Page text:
I started writing, connecting with fellow authors on Facebook, joined some reader groups. I outlined a series of historical novels taking place in pre-colonial times here on the South Carolina coast.
Q. I would say you are a legit author with your cookbooks. Pre-colonial South Carolina. I am already swooning.
A. Then I read Chris Fox’s book about writing to market and after listening to some advice I received about there not being that much of a market for that particular time period, I put that project on the back burner. I still like the idea, but I’m not sure it’s a great first project. It also taught me that there’s a lot of research to do for historical and I would get lost in the research instead of the writing. I have a finished first draft for a novella for that series.
Q. As a historical romance author, I agree on the research involved.
A. Then I read your book Rapid Release and absolutely loved the idea of creating the blurbs for the first few books in a series. At the same time I started watching the back episodes of The Writing Gals podcast.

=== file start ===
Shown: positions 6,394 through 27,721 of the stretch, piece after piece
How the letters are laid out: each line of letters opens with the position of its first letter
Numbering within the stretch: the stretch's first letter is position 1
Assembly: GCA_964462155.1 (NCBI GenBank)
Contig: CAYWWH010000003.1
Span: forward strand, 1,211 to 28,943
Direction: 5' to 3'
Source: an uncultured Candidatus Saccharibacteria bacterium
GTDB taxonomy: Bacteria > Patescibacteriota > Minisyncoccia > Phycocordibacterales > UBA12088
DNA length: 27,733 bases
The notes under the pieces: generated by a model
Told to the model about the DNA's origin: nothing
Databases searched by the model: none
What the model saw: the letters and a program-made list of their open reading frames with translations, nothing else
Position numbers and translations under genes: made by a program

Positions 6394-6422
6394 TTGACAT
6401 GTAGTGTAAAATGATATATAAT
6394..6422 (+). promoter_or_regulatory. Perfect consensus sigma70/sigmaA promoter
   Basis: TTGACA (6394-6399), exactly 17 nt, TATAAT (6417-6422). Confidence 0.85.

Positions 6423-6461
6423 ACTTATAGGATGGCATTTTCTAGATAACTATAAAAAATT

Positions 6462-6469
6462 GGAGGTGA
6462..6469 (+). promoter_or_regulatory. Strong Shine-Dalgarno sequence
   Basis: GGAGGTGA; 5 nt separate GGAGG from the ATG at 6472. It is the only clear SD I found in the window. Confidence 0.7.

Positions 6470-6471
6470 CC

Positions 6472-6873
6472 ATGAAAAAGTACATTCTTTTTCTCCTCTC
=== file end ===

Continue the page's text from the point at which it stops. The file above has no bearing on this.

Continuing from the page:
Q. Which led you to your billionaire book project…?
A. The day I read your book, I outlined a three-book billionaire series and a short reader magnet and started writing. It’s been a lot of fun, but also a challenge to learn more about the craft and telling a good story. The learning, and reading craft books tends to paralyze me when it comes to writing. There’s so much I don’t know yet, and like any good writer I constantly second guess if my stuff is any good.
So as of right now I’m working on the final edits for my reader magnet which grew into an almost 20K word novella and I’m about two-thirds through the first draft of book one.
Q. You are not alone! I am 30k into a story that I want to scrap…if only it weren’t due for a series deadline this month. That is fantastic. Way to plow through your fears.